1977 to 1979 – Cape Cod and Bat Out of Hell

This post is about the years:

1977 to May 1979 – Cape Cod

My next place to run was Cape Cod Air Station, and there I started running pretty regularly.

I was running in Brooks (I think the model was the Vantage), only this time I started to run longer distances. I found that while I wasn’t all that great at it, it did help me get skinnier again.

One of the things about living in the barracks at AIRSTA, Cape Cod was the only damn hill in the areas was coming back into the Air Station itself. So, I always had to run up it to get back to base. Good training, but I hated it. Although I hated that hill, it was nice for doing repeats and I lost most of the weight that I had gained onboard the SPAR, that first year at the Air Station.

The most memorable run I had was that first year there during November. I was supposed to be one of those tough runners from Maine. I only wore shorts and a t-shirt, regardless of what the weather was (stooopid me). That day, as usual, I was running in shorts and a t-shirt, the weather was probably in the ’30s with 30 mph winds whipping off the runways and I went for a 5-mile run.

Needless to say, I was nearly frozen when I got back, and the MAA told the duty driver to take me over to the infirmary because I looked as if I was going to die. A certain part of my anatomy was very frozen and had to be checked out by the on-call physician to see if I had done any damage. It took a loooong time to live that one down.

The female HM’s were particularly brutal.

The Commanding Officer at the time was an ultra-marathoner (which was very uncommon for back then) and after the next day’s briefings, I got a call to go down the hall to his office. This wasn’t unusual since I did a lot of work for him and the XO. When I got to the office, he asked me to sit down, and he gave me some tips and advice on running in cold weather. 

I learned to run with a plastic bag inserted in my shorts or better in wind pants, and he kindly advised me that I continued being a macho runner would lead to a very short running career. Shortly after that, I got a Bill Rodgers wind suit and used it effectively in cold or nasty weather for many years.

When I moved off base and lived in Falmouth, I would drive down and run along the ocean drive to Woods Hole. Never realizing it was part of the Falmouth Road Race course (unfortunately, I never ran it though), I just enjoyed the views of both scenery and girls that would be walking/running there.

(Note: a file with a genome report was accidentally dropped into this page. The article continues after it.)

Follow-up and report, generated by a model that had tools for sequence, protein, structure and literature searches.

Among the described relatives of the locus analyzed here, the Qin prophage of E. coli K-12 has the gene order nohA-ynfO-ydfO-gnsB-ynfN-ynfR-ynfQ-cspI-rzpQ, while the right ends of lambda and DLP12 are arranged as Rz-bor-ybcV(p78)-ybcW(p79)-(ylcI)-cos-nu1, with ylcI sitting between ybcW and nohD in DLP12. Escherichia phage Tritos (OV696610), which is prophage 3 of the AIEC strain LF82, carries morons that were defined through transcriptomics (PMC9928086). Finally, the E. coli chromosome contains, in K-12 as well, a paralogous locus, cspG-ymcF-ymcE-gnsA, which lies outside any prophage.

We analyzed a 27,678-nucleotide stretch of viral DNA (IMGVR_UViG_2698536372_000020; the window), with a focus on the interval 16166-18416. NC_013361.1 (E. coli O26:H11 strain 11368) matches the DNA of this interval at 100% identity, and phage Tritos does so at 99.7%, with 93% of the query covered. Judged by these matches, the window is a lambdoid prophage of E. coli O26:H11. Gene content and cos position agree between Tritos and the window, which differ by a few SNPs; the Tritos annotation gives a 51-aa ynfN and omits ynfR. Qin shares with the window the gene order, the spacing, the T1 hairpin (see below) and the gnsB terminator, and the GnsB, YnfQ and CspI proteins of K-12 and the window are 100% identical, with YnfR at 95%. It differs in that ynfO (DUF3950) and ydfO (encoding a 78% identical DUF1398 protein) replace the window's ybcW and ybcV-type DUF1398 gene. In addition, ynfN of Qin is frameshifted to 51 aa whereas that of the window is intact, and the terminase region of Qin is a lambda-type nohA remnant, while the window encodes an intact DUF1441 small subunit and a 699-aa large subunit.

I lived on Tanglewood Dr. in Falmouth. After exploring the area, I learned, if you went all the way to the end of the road, it turned int to an old woods road that came out on a series of cranberry bogs. I did a lot of my running back on those cranberry bog paths and roads. The best part was there wasn’t much traffic out there, which was a problem during the summers on Cape Cod.

Crutches, shorty cut-off shorts, and tube socks – I was sooooo cool!

As usual, I got hurt while playing basketball and ended up on crutches for what seemed like most of the summer of ’78. Actually, it was only about 3 weeks and I took the cast off, not the Doctors. The start of my not being too good with Dr.’s Orders – which in the military they really get pissed about, and they let me know they were not happy with me.

After that, I did run more, but never got into the local road racing scene down there, which is something that I regret.

So, the summer of ’78 wasn’t a great running summer and while I kept running most of that fall, it was just running. In late September, I met a young lady who was living up in Worcester. I was spending time trying to get to know her a lot better, so running became less important to me. Things didn’t work out between us, and I used running to help move past what had happened.

I did run my first 5K road race in Falmouth on January 1, 1979, as a New Year’s resolution that I was going to run more and do some road racing, and even lose the weight I had gained. Unfortunately, the race was an utter fiasco. I was hungover, out of shape, overdressed, almost didn’t finish, and finished last (DFL). 

I learned a lot about myself that day.

My first enlistment was up in June 1979 and Rick, Bobby, and I was going to get out of the Coast Guard. All three of us had our short-timers chains/calendars, and we had made plans to go hiking up in the White Mountains with another guy – Kim. Planning this hiking trip, on the Appalachian Trail in New Hampshire, meaning that I had to get in shape.

So, I was working out, and running was a big part of the preparation for this hiking adventure, that whole spring. It ended up that Bobby and I re-enlisted at the last minute. The job market was not too great at that time for me (no degree). When the detailer offered me a sweet new duty station in St. Ignace, Michigan and I was eligible for a nice re-enlistment bonus – I took it.

I left Cape Cod that May and took 45 days leave (vacation). We did the hike but didn’t do as much as we had planned, other priorities split us apart, and we cut the hike short. Which meant for the next 40 or so days, I was on my own to enjoy the graduation summer that I never had back in 1975. 

 I got tanned, did some haying for a local farmer, became a beach bum, and generally just had a lot of fun. I ran almost every day and was probably in the best shape of my life that summer.

Gramp, Mikey, and me

I fell in love with a girl and her daughter from up in Dexter, we spent the last couple of weeks of my leave getting to know each other a bit better. Unfortunately, she wouldn’t come with me, and I drove off into the sunset for Michigan.

Listening to Meatloaf’s – Bat Out of Hell cassette tape in my Brandy Spanky new 1979 Subaru Brat.

Come with me now, the best is yet to be.

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